Yet the protagonist is in another sense vastly changed by his experiences, as Gandalf clearly recognizes: “‘My dear Bilbo!’ he said. ‘Something is the matter with you! You are not the hobbit that you were’” (284). The parochial hobbit of chapter 1, whose world was the grass outside his newly painted door and a few walks beyond, has been transformed by his contact with what Tolkien called in another context, with due emphasis on the upper-case initials, “the Wide World” ("Farmer Giles” 71). Like its concern with balance, The Hobbit’s concern with change appears in almost embarrassing blatancy in chapter 1: “This is the story of how a Baggins had an adventure, and found himself doing and saying things altogether unexpected. He may have lost the neighbors’ respect, but he gained—well, you will see whether he gained anything in the end” (15-16). And if one does turn to the end, one sees that, indeed, Bilbo has gained something more precious (and more serious) than dragon-treasure from his journey: he has gained a sense of his place in the world, a sense of proportion:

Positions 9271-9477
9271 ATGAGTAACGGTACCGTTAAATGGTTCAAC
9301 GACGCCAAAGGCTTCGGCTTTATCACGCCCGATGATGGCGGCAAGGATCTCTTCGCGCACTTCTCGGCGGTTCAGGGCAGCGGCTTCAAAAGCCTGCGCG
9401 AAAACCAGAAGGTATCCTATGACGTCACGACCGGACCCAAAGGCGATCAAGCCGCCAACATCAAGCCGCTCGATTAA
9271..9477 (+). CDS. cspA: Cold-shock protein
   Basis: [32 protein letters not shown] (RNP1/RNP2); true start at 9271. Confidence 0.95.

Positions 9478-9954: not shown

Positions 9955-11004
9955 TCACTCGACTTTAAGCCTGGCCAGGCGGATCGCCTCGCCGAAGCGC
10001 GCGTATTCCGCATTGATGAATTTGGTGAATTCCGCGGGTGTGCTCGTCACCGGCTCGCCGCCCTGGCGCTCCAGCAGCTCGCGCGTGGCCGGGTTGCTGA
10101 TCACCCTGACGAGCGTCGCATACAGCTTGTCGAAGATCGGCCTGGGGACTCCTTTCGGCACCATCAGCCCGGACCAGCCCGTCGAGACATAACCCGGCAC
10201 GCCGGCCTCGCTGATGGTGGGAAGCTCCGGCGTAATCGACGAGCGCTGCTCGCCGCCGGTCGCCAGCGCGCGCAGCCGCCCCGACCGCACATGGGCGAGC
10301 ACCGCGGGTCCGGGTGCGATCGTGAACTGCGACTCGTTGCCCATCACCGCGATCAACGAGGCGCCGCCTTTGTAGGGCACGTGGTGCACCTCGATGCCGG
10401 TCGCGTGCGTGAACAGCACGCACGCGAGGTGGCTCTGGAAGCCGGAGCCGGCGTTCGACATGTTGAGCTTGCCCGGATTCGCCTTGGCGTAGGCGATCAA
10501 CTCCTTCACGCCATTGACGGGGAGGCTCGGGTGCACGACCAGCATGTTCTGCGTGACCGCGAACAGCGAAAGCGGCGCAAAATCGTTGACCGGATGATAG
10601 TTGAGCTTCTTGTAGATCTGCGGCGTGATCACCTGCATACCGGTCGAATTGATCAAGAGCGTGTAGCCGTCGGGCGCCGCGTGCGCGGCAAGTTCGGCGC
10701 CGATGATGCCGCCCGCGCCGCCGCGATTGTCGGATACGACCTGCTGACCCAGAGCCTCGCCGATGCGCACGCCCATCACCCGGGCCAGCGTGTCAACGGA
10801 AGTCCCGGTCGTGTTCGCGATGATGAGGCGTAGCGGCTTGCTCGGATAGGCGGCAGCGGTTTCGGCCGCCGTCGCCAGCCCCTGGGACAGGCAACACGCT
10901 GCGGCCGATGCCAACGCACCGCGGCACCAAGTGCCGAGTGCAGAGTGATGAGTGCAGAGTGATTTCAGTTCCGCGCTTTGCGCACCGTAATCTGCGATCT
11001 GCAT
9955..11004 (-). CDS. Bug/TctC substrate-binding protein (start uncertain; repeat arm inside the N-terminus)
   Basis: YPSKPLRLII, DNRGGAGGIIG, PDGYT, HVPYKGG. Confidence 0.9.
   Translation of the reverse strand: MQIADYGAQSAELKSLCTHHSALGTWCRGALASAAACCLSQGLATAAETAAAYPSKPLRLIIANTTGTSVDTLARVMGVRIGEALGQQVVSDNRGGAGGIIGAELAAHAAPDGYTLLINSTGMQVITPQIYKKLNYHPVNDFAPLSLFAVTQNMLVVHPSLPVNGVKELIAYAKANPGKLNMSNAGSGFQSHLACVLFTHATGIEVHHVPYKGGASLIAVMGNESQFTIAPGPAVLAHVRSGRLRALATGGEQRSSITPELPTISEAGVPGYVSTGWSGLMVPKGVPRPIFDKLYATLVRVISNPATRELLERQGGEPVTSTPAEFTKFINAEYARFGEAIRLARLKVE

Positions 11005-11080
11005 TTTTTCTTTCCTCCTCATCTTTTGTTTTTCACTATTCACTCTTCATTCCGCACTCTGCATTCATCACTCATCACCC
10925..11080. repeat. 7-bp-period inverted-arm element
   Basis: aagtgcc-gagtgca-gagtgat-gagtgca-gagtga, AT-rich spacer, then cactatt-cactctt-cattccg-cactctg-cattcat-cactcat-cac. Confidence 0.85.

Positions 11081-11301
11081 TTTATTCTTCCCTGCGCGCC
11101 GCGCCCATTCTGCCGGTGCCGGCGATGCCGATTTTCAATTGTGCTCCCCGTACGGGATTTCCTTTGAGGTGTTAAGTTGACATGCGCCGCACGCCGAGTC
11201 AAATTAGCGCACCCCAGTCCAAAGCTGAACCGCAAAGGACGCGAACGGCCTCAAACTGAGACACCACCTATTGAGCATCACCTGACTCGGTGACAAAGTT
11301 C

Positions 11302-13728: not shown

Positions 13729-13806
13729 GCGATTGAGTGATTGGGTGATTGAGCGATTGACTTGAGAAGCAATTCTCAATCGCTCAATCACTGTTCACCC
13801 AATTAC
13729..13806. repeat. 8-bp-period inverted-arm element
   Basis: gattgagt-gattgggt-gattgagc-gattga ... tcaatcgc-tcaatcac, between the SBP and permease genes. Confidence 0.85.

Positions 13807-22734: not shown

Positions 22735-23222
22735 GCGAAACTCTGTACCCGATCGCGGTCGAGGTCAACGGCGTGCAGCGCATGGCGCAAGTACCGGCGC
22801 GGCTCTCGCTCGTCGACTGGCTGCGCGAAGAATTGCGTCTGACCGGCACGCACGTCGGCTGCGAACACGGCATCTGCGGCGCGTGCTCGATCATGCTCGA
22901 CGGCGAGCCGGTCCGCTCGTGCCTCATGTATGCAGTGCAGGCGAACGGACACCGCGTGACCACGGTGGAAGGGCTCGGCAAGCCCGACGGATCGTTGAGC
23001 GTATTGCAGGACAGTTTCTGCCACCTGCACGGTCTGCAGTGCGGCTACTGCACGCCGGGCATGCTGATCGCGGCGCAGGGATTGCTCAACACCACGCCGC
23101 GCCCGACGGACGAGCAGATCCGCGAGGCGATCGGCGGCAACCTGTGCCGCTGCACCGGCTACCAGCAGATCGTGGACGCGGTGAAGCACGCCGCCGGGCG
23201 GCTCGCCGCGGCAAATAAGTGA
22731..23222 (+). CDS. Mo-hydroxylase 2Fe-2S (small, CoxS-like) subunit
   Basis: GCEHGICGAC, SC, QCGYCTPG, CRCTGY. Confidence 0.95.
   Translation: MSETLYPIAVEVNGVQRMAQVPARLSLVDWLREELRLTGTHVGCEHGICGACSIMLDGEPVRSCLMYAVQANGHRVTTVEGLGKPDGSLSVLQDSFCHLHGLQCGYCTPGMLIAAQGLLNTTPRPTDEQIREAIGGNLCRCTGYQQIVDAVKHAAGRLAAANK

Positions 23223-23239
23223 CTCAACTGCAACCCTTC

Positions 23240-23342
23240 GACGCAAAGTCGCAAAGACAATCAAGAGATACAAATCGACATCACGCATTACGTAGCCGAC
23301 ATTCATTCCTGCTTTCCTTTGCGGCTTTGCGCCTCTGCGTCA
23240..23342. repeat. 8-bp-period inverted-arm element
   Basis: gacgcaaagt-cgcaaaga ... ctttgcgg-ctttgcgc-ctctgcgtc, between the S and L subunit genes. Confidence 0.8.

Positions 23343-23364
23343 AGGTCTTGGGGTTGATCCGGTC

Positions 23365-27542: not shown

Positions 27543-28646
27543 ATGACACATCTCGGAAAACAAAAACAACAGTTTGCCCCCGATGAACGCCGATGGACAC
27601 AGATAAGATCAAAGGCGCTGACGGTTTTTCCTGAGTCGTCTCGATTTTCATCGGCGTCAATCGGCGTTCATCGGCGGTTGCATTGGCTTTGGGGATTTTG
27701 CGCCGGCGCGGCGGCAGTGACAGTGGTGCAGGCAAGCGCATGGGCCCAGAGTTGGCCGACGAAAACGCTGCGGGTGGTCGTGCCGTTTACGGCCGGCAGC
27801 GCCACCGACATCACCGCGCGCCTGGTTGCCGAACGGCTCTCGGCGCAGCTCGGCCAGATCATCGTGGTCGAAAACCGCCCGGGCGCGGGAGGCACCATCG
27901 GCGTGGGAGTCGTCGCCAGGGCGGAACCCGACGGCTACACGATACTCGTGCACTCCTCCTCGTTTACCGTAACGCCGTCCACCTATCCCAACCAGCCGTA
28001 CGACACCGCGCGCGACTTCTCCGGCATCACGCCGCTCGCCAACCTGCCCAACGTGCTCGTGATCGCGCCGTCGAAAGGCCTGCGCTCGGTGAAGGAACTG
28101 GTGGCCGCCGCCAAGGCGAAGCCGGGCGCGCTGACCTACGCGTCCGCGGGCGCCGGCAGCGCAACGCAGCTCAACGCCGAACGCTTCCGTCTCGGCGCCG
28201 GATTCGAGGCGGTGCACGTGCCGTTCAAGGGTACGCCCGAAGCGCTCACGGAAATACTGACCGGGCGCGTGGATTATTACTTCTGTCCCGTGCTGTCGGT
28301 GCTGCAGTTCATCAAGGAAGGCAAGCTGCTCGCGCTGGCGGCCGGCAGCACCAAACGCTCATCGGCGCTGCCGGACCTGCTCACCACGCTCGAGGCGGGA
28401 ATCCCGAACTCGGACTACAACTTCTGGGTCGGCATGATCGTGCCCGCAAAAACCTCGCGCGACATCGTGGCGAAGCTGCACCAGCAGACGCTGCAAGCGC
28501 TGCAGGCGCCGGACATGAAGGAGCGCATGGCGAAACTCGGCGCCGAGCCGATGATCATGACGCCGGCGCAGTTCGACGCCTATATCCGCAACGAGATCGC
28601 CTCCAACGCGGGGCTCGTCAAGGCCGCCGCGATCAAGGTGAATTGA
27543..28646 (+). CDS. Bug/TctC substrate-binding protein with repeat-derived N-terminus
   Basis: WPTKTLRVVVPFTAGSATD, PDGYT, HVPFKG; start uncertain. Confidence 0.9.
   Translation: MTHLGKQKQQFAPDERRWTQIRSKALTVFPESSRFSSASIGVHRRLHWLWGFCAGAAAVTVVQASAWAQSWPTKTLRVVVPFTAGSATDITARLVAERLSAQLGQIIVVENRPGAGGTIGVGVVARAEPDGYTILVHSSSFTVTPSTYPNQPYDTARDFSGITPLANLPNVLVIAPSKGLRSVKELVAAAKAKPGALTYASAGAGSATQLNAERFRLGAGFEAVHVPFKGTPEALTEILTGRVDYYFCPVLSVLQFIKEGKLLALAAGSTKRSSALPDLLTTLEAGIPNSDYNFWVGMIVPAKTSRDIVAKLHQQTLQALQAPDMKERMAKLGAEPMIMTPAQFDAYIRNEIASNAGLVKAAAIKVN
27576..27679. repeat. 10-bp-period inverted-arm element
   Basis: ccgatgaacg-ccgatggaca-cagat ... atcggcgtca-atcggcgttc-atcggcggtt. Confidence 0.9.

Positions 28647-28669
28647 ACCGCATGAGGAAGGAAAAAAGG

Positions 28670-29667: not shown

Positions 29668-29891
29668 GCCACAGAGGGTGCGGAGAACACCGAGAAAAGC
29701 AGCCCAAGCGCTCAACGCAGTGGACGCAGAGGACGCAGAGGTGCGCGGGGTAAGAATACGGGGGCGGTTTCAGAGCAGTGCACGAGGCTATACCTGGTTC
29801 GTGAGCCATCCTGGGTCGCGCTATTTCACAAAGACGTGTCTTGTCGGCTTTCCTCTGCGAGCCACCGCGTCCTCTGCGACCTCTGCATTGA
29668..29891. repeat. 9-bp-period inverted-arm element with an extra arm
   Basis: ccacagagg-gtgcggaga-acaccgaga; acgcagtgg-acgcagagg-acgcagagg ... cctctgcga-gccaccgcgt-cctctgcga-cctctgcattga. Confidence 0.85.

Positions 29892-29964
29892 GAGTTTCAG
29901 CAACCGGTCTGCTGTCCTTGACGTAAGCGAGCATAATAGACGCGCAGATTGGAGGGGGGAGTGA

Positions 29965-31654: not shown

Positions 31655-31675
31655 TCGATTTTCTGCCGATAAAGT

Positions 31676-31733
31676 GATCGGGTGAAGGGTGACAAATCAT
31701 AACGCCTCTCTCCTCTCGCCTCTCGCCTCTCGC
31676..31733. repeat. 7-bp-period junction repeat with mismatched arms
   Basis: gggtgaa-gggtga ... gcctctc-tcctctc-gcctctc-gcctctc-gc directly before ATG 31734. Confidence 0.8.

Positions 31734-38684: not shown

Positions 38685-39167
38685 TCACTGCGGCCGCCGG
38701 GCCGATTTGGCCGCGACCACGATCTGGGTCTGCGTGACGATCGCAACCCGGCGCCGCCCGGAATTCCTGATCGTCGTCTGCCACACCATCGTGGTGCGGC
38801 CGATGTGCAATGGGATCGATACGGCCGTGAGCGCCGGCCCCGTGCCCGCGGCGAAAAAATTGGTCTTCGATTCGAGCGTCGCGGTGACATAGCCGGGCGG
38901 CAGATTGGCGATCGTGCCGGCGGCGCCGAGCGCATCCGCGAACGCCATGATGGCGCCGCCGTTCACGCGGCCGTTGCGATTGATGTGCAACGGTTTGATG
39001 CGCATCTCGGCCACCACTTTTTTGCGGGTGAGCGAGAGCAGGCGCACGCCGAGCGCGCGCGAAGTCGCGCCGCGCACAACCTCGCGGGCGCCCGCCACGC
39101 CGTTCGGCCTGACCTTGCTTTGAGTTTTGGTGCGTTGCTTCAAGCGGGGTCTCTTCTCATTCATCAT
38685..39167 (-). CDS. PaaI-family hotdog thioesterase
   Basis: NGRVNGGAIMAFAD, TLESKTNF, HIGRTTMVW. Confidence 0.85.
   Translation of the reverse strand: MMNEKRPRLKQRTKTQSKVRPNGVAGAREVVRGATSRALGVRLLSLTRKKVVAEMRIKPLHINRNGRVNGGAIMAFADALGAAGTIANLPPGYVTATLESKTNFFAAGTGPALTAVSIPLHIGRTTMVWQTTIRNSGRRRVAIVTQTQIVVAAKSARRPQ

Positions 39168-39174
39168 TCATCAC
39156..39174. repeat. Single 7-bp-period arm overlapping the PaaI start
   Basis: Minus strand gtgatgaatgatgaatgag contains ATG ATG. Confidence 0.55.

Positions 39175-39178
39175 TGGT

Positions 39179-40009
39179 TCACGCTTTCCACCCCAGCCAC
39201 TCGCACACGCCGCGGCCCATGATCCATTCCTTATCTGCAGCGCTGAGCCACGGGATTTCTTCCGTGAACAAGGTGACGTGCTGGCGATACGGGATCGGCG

“Surely [says Gandalf] you don’t disbelieve the prophecies because you had a hand in bringing them about yourself? You don’t really suppose, do you, that all your adventures and escapes were managed by mere luck, just for your sole benefit? You are a very fine person, Mr. Baggins, and I am very fond of you; but you are only quite a little fellow in a wide world after all!"
“Thank goodness!” said Bilbo laughing, and handed him the tobacco-jar. (286-87)
Thus The Hobbit identifies for itself an essential tension—the tension between balance and change—and identifies the fruit of the exchange between them as proportion, a quality transcending the lumpish comfort of Bilbo’s former life (see Figure 2). [ Note 1 ]